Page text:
4. Dundee Universities Careers Service – this is a service which I utilised heavily during my time at Dundee University. They offer a variety of different services, such as 1 on 1 CV and application meetings, in which they will help you draft up something impressive, as well as conducting mock interviews to help you prepare for any question which could pop up! Stephen Watt in particular, who works at the careers service, was an incredible help to me during my time at university. I would highly recommend anyone to book into the careers service!

Assessment Centre Tips

So, you drafted an impressive application to a firm which you would love to work for, and then receive an invitation to an assessment center – what next? Following on from my tips above, you could book into the careers service to have a run through of what you can do to prepare for the big day and run through some questions which may come up in an interview. This is something which I did before I attended the assessment center at the firm I work for, and I found it extremely beneficial. In addition to this, I have a few tips (some obvious, but absolutely worth reiterating!) for the day of your assessment center: 

  • Prepare the night before. This may seem like an obvious point, but do not overlook it! Look at your train times and iron your clothes the night before, have a printed-out copy of your application ready for you to read over and bring an umbrella! 
  • Turn off your phone. Whilst your loved ones will be keen to find out how you got on, but there is nothing more embarrassing than your phone ringing during an assessment center! It may be a good idea to do the same, if you are wearing a smart watch.
  • Practice calming techniques. Assessment centers are nerve wracking, even for those who seem completely calm and collected on the outside! Never underestimate the power of simple breathing techniques and their ability to keep you calm and collected. There are many apps which you can use such as Headspace – why not do a 5-minute meditation practice as you sit on the train or taxi on your way to the firm? Going into an interview or assessment with a calm and collected head will allow you to think clearly, stop you from feeling flustered and allow you to show your true potential.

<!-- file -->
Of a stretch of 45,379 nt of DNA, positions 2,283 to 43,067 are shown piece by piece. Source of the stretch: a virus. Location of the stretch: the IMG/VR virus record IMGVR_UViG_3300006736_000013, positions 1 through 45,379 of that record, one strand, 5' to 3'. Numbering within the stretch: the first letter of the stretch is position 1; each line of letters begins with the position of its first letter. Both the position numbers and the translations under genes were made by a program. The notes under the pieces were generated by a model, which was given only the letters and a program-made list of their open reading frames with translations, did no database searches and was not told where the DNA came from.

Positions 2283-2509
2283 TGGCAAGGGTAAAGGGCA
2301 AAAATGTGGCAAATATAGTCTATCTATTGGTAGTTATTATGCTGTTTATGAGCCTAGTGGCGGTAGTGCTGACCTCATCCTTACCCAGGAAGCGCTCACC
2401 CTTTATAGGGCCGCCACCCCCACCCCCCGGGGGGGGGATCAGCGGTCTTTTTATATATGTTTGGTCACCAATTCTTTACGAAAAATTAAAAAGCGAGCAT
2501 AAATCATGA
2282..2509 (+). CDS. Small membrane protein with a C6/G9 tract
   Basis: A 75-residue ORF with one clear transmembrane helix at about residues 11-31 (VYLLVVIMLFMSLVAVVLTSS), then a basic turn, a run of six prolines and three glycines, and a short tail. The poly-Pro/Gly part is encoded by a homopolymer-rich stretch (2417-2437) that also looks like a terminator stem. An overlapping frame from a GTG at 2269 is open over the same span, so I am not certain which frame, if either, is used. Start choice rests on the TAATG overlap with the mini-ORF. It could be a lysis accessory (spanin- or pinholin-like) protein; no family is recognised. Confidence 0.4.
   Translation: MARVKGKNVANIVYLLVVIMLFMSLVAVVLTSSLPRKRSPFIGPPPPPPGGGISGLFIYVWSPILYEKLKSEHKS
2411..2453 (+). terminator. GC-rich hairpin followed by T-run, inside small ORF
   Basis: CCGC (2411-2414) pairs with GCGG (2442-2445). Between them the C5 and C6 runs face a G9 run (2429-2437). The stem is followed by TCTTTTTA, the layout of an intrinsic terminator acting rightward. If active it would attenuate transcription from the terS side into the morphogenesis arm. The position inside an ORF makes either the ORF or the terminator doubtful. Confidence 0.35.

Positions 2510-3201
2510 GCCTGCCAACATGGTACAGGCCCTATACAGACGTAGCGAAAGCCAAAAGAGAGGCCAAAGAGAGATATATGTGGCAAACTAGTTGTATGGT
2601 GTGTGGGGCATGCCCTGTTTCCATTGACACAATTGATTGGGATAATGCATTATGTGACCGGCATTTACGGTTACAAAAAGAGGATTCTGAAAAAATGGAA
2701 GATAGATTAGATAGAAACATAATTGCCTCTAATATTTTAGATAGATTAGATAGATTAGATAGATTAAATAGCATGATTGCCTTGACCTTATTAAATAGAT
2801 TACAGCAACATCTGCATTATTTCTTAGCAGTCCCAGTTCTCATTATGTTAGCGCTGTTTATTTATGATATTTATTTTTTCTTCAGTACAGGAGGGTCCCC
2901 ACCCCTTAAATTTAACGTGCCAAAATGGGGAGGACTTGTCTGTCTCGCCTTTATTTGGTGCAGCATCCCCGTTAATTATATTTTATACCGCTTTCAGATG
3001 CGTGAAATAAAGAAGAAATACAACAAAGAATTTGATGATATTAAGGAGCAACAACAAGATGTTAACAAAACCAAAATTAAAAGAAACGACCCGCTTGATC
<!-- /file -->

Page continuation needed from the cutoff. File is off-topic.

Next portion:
• Speak to people! Although an assessment center can be a nerve-wracking experience, it’s a good idea to interact with the other candidates and make new connections. Engaging in conversation with those around you will keep you feeling calm whilst you wait to be interviewed and shows the firm that you are a friendly and approachable person. There is nothing worse than sitting in silence! 

I hope this blog is something which you will find useful, no matter what stage you are in your legal education and is a resource which you can revisit during the different stages of finding a traineeship. It can be a disheartening process, but I would encourage you to trust the process and keep going. Interviews, applications and assessment centers are all valuable learning exercises, so make the most of them, chat to your fellow candidates, and reflect on how things went! Feel free to get in touch with me on LinkedIn (Megan Anderson) if you have any questions! 

Best of luck! 

Megan x